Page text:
Background & Objective
Students In the faculty of Health and Human Sciences are dispersed across the South West due to placements. As a result webinars as a tool for delivering lectures and seminars at distance in healthcare have been growing in their use over the last few years. This research aims to evaluate the impacts of webinars on teaching and learning. The research compares webinars against traditional lectures and analyses the advantages and disadvantages of webinars on teaching and learning. It also looks at how interactivity can be added to a webinar building on ‘Great Webinars: create interactive learning that is captivating, informative, and fun’ (Clay, 2012). This information will be used to inform best practice going forward.
180 students completed a questionnaire sharing their experiences of webinars. This contained both quantitative and qualitative data. A full statistical analysis was carried out on the quantitative data including a bivariate analysis and correlation coefficients. Qualitative data was coded using a grounded theory methodology.
The learning experience of webinars when compared against traditional lectures are seen as the same or better by 89%. Equally, most students (89%) say the interaction in webinars is the same or better than traditional lectures. Only 6% of students say webinars have a negative impact on their learning. As a result 76% of students would like to see more webinars on their degree in the future. The main benefits of webinars reported by students are: the ability to watch them again (learn at their own speed and recap material); learn in a familiar and relaxed atmosphere; and make efficient use of their time (no travelling or distractions). Meanwhile the main limitations of webinars are: being isolated from peer support; technical issues; and a lack of time to reflect on material. Typed questions and polls are amongst the favoured interactions between students and lecturers with verbal questions being the least favoured. For students where English isn’t their first language, 67% of students rated webinars as having better interaction than traditional lectures.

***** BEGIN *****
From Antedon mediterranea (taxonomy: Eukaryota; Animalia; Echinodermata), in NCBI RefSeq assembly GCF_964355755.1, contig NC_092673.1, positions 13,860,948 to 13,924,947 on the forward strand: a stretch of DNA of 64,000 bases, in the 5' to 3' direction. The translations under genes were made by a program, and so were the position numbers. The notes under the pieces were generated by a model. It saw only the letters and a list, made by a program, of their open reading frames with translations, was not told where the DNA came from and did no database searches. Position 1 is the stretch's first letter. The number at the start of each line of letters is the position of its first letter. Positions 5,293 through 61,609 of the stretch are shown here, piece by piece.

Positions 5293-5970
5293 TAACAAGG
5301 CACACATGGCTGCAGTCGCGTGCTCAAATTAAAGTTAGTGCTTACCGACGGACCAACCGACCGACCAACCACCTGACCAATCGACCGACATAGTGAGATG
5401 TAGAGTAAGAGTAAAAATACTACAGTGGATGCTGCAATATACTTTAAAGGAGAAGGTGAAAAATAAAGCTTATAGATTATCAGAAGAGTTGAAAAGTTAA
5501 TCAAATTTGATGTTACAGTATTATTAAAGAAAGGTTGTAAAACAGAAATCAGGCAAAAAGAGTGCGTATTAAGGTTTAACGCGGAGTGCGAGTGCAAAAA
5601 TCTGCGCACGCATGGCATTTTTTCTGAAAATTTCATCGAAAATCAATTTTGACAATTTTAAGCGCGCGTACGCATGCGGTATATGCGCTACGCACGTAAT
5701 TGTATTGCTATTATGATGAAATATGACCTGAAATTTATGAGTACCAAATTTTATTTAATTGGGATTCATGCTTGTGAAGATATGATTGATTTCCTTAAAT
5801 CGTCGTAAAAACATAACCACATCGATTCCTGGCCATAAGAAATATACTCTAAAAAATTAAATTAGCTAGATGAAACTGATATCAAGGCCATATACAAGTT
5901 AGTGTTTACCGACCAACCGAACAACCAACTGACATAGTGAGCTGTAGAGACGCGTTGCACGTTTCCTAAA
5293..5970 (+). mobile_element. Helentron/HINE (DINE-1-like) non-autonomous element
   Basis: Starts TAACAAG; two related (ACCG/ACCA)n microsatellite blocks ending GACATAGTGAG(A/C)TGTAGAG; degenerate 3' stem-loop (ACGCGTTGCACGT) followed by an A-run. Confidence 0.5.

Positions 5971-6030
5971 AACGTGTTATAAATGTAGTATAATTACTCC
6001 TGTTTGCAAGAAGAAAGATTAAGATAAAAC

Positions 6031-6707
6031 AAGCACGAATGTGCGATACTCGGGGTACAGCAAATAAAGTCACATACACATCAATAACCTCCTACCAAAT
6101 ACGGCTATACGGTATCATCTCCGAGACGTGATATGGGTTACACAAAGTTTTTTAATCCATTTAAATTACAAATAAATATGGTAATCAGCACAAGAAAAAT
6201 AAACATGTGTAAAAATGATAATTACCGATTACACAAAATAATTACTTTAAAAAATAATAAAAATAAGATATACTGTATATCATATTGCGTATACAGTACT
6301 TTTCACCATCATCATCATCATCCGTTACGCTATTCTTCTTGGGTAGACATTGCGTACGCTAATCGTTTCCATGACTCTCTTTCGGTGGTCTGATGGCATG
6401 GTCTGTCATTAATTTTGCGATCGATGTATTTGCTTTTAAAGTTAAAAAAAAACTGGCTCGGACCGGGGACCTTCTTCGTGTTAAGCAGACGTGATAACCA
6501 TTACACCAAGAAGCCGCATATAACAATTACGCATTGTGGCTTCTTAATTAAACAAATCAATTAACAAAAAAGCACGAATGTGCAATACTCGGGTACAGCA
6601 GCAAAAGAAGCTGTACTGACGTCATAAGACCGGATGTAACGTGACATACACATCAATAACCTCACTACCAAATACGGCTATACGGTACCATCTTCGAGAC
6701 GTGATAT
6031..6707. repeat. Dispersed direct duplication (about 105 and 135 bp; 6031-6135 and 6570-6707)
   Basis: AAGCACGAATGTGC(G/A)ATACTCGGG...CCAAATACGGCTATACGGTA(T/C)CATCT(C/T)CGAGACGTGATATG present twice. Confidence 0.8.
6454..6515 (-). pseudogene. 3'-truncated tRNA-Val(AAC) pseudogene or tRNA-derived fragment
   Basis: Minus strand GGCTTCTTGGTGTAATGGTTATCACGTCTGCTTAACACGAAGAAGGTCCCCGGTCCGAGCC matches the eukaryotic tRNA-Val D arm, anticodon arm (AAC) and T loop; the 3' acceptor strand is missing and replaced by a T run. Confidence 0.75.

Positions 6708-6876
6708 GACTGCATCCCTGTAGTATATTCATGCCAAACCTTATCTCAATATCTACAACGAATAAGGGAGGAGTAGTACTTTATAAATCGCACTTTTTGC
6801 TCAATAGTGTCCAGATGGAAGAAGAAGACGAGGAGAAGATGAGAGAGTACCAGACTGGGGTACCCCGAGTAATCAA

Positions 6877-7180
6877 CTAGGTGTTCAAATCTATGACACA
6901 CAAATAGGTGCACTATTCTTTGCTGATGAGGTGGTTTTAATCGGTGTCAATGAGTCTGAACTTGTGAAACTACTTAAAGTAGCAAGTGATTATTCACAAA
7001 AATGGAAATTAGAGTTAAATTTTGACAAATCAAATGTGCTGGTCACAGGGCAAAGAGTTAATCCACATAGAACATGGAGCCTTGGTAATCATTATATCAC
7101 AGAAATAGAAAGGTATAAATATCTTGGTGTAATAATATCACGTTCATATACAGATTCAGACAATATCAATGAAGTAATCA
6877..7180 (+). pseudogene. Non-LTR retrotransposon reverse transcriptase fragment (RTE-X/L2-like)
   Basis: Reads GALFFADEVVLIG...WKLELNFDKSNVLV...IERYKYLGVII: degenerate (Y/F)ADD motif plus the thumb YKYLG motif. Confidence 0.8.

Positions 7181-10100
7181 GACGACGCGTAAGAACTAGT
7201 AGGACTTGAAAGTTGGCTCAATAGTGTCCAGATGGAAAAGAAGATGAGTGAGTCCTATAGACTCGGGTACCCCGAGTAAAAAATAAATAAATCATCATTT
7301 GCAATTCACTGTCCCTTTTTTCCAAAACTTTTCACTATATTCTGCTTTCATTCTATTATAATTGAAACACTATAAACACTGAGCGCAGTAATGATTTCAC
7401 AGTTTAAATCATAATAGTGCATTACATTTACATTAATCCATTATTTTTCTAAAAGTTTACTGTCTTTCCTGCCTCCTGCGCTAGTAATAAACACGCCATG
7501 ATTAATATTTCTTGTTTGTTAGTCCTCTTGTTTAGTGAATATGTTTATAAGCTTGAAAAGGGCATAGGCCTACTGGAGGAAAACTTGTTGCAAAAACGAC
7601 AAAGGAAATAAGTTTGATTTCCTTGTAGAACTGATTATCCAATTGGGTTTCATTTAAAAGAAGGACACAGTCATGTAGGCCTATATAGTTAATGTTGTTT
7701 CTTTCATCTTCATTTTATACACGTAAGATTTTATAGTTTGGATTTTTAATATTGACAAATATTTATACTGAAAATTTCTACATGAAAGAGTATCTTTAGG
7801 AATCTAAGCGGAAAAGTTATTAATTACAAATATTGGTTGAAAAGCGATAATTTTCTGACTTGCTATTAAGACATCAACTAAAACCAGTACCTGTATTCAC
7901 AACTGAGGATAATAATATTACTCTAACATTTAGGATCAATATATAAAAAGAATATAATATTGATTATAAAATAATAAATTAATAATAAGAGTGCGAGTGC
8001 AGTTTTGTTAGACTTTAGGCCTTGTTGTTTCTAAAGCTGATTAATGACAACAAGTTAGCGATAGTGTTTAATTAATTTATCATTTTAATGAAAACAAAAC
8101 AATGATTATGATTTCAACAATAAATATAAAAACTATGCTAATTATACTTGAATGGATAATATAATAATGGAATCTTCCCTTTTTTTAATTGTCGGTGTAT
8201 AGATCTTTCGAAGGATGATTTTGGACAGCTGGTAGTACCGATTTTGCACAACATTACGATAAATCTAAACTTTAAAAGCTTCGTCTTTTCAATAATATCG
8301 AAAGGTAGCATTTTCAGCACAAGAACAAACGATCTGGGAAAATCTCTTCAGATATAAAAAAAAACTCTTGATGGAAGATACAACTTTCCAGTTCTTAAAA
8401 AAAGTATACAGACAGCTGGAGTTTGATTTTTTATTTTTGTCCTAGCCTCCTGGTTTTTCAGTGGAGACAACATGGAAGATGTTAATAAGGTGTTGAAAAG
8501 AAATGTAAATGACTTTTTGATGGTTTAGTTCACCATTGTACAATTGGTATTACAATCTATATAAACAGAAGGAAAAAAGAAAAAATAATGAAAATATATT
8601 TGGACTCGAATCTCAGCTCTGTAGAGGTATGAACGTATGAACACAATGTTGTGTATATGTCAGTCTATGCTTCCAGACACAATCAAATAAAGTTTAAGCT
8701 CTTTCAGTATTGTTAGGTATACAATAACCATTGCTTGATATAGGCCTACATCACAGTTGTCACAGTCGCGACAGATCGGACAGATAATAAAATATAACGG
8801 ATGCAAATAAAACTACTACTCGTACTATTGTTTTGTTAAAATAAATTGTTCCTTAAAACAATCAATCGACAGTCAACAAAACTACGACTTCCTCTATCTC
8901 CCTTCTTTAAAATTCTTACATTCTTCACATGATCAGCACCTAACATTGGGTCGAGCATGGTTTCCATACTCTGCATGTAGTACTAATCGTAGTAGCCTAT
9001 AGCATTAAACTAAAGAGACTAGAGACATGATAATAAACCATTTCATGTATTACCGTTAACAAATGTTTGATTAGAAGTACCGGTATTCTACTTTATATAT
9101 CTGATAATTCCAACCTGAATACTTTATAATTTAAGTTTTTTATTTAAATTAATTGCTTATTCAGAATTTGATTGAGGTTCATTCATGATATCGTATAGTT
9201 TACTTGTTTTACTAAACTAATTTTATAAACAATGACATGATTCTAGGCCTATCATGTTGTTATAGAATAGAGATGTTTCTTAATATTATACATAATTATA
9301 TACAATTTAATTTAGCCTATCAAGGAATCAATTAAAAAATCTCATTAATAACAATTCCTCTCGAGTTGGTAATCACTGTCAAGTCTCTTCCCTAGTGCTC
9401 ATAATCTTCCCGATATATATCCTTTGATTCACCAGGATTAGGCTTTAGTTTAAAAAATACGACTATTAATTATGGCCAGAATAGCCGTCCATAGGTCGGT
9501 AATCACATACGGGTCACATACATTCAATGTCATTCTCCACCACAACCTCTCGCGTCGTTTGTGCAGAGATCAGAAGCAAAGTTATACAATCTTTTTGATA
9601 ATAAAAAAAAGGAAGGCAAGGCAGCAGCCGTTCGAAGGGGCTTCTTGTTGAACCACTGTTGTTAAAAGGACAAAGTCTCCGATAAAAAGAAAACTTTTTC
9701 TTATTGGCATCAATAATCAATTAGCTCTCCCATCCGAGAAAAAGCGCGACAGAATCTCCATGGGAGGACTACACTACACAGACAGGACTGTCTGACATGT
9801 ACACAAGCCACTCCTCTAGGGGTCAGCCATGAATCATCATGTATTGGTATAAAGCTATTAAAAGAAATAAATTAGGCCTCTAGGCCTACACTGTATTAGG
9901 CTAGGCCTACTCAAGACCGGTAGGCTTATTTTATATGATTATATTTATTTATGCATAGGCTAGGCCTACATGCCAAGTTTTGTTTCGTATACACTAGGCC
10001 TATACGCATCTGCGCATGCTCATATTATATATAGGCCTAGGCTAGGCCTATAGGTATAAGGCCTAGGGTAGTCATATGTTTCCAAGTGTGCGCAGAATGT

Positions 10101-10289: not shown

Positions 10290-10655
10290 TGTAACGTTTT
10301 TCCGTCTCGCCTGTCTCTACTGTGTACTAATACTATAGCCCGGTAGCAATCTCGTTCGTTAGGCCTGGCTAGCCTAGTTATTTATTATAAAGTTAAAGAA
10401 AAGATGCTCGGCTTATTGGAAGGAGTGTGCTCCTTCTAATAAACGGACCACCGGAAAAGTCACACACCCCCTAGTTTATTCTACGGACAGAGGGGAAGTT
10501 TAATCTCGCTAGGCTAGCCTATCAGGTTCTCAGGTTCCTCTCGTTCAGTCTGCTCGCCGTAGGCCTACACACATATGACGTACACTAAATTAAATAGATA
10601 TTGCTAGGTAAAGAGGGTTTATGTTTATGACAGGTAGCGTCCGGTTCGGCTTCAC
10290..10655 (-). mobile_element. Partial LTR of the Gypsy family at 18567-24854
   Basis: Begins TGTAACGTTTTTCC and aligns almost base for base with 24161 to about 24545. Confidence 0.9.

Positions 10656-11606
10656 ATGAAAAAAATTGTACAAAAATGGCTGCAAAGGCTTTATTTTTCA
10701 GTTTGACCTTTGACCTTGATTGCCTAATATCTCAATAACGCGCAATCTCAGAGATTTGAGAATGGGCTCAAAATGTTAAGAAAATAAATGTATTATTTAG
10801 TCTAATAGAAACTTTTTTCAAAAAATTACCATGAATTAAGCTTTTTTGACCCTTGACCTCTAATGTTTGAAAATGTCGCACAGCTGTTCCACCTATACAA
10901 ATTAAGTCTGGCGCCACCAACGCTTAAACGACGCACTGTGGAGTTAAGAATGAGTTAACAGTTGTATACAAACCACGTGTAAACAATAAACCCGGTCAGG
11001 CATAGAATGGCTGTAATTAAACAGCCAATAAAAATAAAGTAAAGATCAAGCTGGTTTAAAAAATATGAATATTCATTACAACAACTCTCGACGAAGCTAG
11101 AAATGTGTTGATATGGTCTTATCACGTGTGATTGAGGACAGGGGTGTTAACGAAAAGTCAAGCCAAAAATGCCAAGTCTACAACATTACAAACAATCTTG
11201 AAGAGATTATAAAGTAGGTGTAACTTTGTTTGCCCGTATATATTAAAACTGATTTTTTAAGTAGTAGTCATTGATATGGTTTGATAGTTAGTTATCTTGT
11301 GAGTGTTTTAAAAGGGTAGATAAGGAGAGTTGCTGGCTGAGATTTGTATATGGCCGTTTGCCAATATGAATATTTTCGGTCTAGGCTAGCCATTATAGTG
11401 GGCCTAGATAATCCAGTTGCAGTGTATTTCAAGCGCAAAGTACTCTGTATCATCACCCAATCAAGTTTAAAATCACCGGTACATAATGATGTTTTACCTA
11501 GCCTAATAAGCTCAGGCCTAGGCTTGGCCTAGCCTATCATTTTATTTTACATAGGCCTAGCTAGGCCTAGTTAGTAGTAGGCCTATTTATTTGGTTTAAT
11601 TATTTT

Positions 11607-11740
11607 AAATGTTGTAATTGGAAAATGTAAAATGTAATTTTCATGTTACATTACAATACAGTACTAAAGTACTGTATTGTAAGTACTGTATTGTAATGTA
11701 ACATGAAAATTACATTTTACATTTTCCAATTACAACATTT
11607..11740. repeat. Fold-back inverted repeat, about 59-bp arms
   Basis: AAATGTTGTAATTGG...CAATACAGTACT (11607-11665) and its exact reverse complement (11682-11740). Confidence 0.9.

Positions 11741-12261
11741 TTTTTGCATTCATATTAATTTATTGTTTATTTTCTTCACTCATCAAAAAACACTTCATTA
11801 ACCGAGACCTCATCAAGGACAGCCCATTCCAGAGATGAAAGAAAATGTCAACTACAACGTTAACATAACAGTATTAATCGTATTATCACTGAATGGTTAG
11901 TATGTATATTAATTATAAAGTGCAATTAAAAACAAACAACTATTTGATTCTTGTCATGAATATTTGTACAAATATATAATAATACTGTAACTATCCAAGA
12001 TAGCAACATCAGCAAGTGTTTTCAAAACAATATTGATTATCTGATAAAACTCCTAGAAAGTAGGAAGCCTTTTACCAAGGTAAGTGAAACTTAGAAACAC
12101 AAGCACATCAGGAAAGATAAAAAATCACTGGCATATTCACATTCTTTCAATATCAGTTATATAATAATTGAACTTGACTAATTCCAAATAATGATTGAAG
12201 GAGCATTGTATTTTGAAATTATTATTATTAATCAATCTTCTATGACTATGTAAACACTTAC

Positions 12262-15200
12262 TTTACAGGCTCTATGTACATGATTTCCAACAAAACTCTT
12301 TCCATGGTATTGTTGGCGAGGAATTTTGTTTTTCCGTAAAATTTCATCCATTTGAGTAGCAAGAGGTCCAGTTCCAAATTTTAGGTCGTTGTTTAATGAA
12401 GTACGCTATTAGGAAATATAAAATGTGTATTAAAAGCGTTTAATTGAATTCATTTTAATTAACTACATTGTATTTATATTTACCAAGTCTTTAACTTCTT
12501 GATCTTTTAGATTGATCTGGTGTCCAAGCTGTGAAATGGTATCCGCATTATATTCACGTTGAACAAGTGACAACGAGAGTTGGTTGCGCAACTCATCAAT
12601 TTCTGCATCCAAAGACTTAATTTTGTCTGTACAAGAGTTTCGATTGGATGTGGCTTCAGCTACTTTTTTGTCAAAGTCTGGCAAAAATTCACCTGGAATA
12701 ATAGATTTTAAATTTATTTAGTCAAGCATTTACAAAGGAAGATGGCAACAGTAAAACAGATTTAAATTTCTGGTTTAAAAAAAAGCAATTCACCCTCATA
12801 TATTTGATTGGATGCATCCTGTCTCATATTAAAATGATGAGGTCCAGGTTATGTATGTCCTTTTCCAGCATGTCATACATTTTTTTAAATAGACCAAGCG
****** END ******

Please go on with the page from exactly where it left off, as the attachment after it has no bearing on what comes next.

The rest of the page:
From my findings it’s clear that webinars can be an effective tool for delivering lectures and seminars at distance. The majority of students find the webinar experience similar or better than traditional lectures. By analysing the benefits and negatives of webinars I’ve been able to provide informed recommendations that will enhance the learning experience they provide. To progress the study, it would be beneficial to run focus groups to provide an insight into the answers given. I would also like to adapt an action research approach to evaluate and measure the impact of my recommendations to keep enhancing the learning experience of webinars.
This session will present the results from the research. It will discuss the current views of students regarding teaching and learning via webinars including what they like and what they don’t like. It will also evalute ways to improve webinar engagement / interactivty and how this can benefit teaching and learning. Finally I will discuss my plans for how the research can be developed further and welcome feedback and collaboration.
Clay, G. (2012). Great Webinars: create interactive learning that is captivating, informative, and fun. New York: John Wiley & Sons.